Perfect Claudia, so glad you got many useful tips from the article. Eating where the locals eat and in particular where there are kids and elderly helps. Hold on to the article for your Asia trip and feel free to reach out with any questions 🙂
Brilliant post! I live by all these rules. I even noted the money/food thing not mixing, although early during my travels I was not as aware of this truth. Getting sick as heck a few times made me more observant. See how folks prepare food and present food. Example; we always drink from the chilled water cups with straws at our Buddhist veggie haunt in Chiang Mai, just like your image up top. We also enjoy shakes at stands where vendors clean out the blender after every shake. Some do not, which leads to some serious bloating and belching due to those 3rd world little nasties growing in hot, humid climes, in the blender.
You are right Ryan, we need to be super vigilant when it comes to eating on the street. Blenders indeed can carry so many germs. Keeping a watchful eye, fro the food, to the water and drinks makes all the difference. Always welcome your feedback Thanks again!
Tummy troubles are a surefire way to ruin a trip. All of these tips are great, I’m a huge fan of ginger myself.
That’s wonderful to hear Brianna, that you are a ginger fan. So tasty and so good for you. Anything to ensure food safety while traveling!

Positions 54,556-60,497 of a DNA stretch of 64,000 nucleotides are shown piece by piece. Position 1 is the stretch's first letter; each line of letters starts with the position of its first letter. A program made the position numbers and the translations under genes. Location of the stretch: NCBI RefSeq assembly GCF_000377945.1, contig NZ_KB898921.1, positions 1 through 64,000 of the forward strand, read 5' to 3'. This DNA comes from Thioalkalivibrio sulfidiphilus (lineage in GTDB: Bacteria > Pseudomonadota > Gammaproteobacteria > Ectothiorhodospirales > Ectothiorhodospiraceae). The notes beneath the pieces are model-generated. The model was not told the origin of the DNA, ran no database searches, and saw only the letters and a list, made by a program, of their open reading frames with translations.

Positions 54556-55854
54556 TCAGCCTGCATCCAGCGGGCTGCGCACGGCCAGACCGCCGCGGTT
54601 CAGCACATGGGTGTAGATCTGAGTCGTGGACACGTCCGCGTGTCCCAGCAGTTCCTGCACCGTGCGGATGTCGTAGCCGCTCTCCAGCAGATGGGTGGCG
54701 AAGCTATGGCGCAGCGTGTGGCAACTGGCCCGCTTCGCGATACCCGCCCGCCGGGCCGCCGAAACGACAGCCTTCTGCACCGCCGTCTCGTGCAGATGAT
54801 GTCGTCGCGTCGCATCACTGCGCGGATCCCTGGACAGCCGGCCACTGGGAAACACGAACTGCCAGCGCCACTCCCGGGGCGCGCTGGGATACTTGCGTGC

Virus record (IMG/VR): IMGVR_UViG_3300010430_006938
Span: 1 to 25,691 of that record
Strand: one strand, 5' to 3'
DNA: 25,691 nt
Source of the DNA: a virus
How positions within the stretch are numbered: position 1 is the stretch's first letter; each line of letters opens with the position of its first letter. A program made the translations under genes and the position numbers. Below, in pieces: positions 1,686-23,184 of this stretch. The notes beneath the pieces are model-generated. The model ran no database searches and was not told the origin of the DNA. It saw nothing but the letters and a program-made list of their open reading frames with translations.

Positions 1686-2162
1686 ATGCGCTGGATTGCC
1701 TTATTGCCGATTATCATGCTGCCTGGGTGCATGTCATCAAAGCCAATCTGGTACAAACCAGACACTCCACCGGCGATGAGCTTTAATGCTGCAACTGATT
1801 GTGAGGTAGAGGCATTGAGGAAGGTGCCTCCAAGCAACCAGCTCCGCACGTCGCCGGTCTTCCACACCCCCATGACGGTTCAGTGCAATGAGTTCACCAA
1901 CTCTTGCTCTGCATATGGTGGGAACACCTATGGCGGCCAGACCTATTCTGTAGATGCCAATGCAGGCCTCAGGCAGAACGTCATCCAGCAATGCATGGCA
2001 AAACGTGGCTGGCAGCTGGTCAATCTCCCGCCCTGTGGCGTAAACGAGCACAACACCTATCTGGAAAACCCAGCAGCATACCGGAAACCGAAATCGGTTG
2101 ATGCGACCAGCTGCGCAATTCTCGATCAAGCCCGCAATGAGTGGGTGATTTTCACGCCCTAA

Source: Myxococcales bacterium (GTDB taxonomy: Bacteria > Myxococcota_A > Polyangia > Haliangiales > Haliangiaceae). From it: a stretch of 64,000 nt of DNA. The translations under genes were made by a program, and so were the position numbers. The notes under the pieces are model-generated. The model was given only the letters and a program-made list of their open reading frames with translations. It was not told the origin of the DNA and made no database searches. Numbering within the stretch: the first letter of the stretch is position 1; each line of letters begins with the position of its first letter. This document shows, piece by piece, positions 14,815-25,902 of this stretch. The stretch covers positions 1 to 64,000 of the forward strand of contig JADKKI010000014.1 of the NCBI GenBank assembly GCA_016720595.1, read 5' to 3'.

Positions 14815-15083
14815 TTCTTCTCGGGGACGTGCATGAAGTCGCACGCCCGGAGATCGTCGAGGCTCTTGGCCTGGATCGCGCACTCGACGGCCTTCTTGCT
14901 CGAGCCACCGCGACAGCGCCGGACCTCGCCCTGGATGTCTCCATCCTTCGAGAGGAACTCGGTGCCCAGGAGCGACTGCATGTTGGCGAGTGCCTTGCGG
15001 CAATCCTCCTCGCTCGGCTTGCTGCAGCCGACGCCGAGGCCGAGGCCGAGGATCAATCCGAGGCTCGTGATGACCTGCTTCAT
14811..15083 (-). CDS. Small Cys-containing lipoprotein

These are such great ideas. I knew about ginger but never knew about activated charcoal!
Glad to help add a new tip to your existing repertoire. Activated charcoal is easy to carry and gives you so much peace of mind. Add it to your travel kit 🙂
Such amazing advise on this post!! I completely agree that street food can be safe, but its always good to take preautions like the ones that you mentioned like peeling the fruit and not eating the samples that have been left outside. That being said, I am originally from Bolivia and have gotten sick multiple times from street food so like you said, always check and look around the kitchen area.
The beauty of street food is having the “kitchen” right in front of you. Take the time to carefully inspect it and then decide if it looks good and safe. Appreciate your feedback, Claudia.
Very good tips. I follow most of these while traveling or whenever eat street food in my city. Carrying activated charcoal tablets is a very good one. Will pack this in my essentials travel pouch.
Awesome to hear you already follow most of these tips. Do get the activated charcoal tablets…so worth the peace of mind!!